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U.S. Chamber of Commerce and the National Association of Manufacturers support Biden actions

January 22, 2021 - In statements issued this week, the U.S. Chamber of Commerce stated support for President Biden's decision to rejoin the Paris Climate Agreement and the National Association of Manufacturers supported use of the Defense Production Act in the fight against COVID-19.


The brief statement by Marty Durbin, president of the U.S. Chamber's Global Energy Institute, reads, "The Chamber welcomes President Biden’s action to rejoin the Paris Climate Agreement. It is critical that the United States restore its leadership role in international efforts to address the climate challenge. The Chamber and the business community look forward to engaging with the Administration as it considers a revised nationally determined contribution (NDC) for the United States."


Missouri Senator Roy Blunt joined 21 other U.S. Senators in signing a letter to President Trump dated May 25, 2017, citing withdrawal of the United States from the Paris Climate Agreement as a necessary step in unwinding the Clean Power Plan. That Obama-era plan would have had the biggest impact in states like Missouri that generate more than 80% of electricity using coal. Some also believe the impact of crippling regulations imposed on businesses in the United States does little in affecting global climate change, since American businesses have embraced energy efficiency and emissions reduction measures since the 1970's, dramatically reducing pollution in the United States.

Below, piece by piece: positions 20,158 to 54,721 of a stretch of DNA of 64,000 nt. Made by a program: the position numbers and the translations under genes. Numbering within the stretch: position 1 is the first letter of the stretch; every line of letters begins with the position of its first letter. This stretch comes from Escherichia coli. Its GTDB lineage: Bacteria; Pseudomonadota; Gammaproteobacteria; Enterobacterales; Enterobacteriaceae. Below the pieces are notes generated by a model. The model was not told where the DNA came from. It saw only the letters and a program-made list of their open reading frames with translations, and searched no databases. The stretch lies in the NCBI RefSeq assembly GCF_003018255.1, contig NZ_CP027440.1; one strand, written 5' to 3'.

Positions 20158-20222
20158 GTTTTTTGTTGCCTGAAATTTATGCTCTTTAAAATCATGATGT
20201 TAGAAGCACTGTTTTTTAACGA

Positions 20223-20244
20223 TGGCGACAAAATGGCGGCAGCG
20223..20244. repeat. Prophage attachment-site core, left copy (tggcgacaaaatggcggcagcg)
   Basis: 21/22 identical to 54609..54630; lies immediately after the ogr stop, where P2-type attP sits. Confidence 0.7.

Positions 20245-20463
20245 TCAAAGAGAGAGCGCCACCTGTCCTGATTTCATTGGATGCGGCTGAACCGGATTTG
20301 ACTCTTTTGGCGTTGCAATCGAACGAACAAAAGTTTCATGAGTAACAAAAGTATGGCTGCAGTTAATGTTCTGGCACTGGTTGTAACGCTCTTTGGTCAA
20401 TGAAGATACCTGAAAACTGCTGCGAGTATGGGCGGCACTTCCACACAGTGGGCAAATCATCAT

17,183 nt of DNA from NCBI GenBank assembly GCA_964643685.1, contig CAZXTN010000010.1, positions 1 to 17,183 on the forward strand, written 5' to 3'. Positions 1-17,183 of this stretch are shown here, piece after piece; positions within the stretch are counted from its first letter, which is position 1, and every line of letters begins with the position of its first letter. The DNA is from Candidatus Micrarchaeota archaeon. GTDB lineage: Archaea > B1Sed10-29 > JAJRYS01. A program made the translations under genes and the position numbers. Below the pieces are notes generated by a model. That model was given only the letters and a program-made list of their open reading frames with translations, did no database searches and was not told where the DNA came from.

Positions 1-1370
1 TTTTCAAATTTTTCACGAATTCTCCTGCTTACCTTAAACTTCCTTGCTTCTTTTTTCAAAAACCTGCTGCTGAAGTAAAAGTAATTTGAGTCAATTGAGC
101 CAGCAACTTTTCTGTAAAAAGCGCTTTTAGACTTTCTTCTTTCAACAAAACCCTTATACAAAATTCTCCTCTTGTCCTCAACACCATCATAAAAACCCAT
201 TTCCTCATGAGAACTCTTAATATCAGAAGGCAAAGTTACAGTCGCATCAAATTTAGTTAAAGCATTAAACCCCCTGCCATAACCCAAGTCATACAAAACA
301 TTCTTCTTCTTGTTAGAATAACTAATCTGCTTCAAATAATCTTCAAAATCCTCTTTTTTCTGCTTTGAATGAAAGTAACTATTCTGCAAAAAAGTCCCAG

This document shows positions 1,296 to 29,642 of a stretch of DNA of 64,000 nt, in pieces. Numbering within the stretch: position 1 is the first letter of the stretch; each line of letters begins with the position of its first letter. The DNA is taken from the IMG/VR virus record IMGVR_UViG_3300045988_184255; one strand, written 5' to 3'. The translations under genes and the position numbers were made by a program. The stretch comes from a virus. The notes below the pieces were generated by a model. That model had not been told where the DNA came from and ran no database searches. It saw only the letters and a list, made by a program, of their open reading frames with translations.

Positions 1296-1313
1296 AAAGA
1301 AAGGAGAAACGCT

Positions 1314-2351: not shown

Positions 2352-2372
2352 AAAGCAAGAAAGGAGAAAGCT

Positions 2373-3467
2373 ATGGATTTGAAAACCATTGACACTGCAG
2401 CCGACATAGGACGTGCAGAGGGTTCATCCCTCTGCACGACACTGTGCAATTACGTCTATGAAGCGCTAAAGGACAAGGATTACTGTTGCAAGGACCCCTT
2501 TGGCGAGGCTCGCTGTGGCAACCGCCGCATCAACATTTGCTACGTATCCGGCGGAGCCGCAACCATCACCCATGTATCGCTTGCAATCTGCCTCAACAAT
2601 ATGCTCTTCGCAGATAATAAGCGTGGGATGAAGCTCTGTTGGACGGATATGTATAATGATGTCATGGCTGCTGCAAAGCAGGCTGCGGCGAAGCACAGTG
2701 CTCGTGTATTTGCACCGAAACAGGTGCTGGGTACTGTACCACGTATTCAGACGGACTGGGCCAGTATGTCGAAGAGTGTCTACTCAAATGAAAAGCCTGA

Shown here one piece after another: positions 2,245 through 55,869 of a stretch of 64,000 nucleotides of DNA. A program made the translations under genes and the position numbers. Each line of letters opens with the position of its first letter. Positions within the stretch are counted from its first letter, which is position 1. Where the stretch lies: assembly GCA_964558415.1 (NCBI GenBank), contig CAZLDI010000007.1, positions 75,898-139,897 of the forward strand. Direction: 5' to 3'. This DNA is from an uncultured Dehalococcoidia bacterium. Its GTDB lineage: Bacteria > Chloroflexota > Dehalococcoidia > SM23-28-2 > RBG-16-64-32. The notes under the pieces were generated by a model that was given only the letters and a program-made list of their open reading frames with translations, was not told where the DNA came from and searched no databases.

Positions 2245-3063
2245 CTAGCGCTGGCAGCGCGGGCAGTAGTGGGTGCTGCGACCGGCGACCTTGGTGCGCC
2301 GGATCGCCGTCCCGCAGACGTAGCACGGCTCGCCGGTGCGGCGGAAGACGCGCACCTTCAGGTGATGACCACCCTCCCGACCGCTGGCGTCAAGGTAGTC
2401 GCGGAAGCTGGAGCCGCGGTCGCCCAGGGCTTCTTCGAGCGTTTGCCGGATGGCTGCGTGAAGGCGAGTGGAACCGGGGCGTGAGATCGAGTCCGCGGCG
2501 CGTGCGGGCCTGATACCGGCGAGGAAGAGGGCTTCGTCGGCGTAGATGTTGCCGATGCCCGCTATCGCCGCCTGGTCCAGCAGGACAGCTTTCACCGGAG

Meanwhile, the National Association of Manufacturers (NAM) issued a press release January 21, 2021, backing President Biden's invocation of the "Defense Production Act to spur production of critical materials like N95 masks, swabs and other vaccine- and virus-related equipment."


The Defense Production Act (DPA) originated during times of war and gives federal government agencies the authority to require private businesses to give priority to government contracts in addressing emergencies and may be used to require companies to manufacture certain equipment. For example, then-President Trump used the DPA to attempt to force automakers to make more ventilators, even as they were ramping up production of those ventilators. You may read more about the DPA in this Congressional Research Service report dated March 20, 2020.


President Biden's Executive Order authorizes federal agencies to report on the availability of pandemic supplies and "take steps to address the pricing of pandemic response supplies..." The Executive Order states, "Where a review and assessment described in section 2(a)(i) of this order identifies shortfalls in the provision of pandemic response supplies, the head of the relevant agency shall:


(i) promptly revise its operational assumptions and planning factors being used to determine the scope and prioritization, acquisition, and distribution of such supplies; and

(ii) take appropriate action using all available legal authorities, including the Defense Production Act, to fill those shortfalls as soon as practicable by acquiring additional stockpiles, improving distribution systems, building market capacity, or expanding the industrial base."

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